Antisocial Justice Warriors: Utilising Punk in the Pursuit of Social Justice.

Fields, Paul (2019) Antisocial Justice Warriors: Utilising Punk in the Pursuit of Social Justice. In: Alternative Voices in Academia, 10th September 2019, The National University of Ireland Galway.

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Abstract

Punk is not so much a genre of music as it is “a political stance, […] a social movement, […] and […] a lens of critical appraisal.” (Roderick, 2013). It has typically been a place for society’s misfits, in part as it presents both a place to call home and a voice to assert discontent with society’s fixed power structures (Kristiansen et al., 2010). It “channel[s] adolescent anger and frustration into positive and inclusive feelings of belonging. [It is] an island of lost toys […] where the kids [make] the rules and the hateful, hurtful world of drunk dads, preps, jocks, […] meathead campus police, racist[s], and flat-topped Korean War vets [are] overturned” (Roderick, 2013). However this has recently been brought into question. Post-Millennial punks—younger, seemingly more socially progressive, and campaigning for social justice (Lamb, 2017)—might be changing what it means to be punk. Perhaps as a consequence, some have been accused of trying to turn punk into a ‘language-policed Safe Space,’ which itself is part of a ‘wider PC assault’ on the community (King, 2017). There are clearly arguments to be made regarding whether punk is still relevant in the fight for social justice, but these tend to be at best inadequately scholarly (Cadwallader, 2017), and at worst somewhat unsophisticated (King, 2017). This paper seeks to investigate links between contemporary social justice movements and their connection to freedom of expression and what one might term modern ‘punk’ outlooks on life, and forms the initial stages of a PhD project commencing in 2020. Fundamentally, can punk provide a distinctive way through which social justice can be sought?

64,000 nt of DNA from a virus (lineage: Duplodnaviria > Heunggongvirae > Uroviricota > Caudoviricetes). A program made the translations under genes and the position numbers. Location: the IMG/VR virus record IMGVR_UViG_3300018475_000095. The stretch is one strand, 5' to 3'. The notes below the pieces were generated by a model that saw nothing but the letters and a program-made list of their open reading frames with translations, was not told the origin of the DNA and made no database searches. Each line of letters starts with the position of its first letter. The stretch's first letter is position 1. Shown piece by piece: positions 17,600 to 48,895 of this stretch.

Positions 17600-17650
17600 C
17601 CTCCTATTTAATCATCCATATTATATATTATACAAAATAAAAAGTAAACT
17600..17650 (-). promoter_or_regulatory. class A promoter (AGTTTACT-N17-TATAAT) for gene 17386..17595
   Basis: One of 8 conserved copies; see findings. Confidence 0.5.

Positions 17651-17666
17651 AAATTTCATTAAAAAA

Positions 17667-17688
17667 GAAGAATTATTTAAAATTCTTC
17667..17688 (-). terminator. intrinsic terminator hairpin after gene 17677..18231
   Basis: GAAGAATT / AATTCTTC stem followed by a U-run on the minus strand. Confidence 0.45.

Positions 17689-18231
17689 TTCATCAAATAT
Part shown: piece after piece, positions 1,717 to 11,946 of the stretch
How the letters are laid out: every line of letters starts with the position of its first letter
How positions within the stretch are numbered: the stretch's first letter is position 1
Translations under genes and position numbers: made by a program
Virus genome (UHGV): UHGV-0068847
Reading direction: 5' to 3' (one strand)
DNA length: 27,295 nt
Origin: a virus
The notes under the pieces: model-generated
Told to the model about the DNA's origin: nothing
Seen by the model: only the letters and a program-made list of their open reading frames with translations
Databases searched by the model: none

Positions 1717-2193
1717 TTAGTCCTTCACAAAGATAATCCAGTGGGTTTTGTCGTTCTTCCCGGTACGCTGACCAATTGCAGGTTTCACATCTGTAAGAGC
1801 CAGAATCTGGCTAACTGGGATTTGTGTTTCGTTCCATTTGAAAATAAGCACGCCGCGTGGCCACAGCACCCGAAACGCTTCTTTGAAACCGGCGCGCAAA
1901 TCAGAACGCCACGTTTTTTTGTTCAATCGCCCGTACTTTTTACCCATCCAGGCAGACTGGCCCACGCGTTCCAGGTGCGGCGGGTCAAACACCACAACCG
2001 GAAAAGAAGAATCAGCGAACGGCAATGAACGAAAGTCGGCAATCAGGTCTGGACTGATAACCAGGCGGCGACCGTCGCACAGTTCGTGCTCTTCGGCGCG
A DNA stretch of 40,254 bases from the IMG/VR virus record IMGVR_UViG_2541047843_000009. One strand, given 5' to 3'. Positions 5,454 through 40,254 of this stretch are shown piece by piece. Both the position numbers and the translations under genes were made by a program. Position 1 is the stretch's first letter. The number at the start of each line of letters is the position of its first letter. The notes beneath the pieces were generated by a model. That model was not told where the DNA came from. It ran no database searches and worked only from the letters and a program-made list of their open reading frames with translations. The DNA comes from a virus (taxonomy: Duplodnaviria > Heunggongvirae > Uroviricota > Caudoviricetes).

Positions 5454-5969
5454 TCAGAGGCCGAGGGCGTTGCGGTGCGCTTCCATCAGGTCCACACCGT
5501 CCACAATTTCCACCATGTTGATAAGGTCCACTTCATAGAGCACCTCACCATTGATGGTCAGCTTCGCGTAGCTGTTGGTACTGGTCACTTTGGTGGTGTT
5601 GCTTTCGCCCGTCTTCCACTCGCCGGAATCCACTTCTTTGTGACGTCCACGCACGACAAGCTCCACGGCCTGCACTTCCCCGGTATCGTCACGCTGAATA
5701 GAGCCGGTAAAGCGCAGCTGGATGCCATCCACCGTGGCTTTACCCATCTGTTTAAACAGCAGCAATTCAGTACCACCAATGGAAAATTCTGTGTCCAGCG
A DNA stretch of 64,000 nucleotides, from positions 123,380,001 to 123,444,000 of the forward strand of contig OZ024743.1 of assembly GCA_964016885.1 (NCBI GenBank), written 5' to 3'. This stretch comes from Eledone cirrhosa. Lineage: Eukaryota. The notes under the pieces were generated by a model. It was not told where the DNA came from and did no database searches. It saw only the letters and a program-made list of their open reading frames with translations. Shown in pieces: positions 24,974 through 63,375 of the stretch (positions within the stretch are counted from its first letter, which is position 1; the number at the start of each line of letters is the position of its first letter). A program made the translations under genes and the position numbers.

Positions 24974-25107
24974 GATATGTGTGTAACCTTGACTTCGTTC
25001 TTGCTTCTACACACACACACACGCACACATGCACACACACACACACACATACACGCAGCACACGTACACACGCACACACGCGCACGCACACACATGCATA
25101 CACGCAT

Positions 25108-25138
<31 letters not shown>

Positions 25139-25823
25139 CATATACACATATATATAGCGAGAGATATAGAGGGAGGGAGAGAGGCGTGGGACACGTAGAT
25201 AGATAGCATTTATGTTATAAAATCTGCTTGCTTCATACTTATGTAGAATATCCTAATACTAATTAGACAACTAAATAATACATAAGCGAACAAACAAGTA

Item Type: Conference or Workshop Item (Paper)
Keywords: Freedom of expression, punk, self-censorship, social justice, campus politics
Depositing User: RED Unit Admin
Date Deposited: 08 Feb 2021 09:08
Last Modified: 10 Feb 2021 08:22
URI: https://bucks.repository.guildhe.ac.uk/id/eprint/18163

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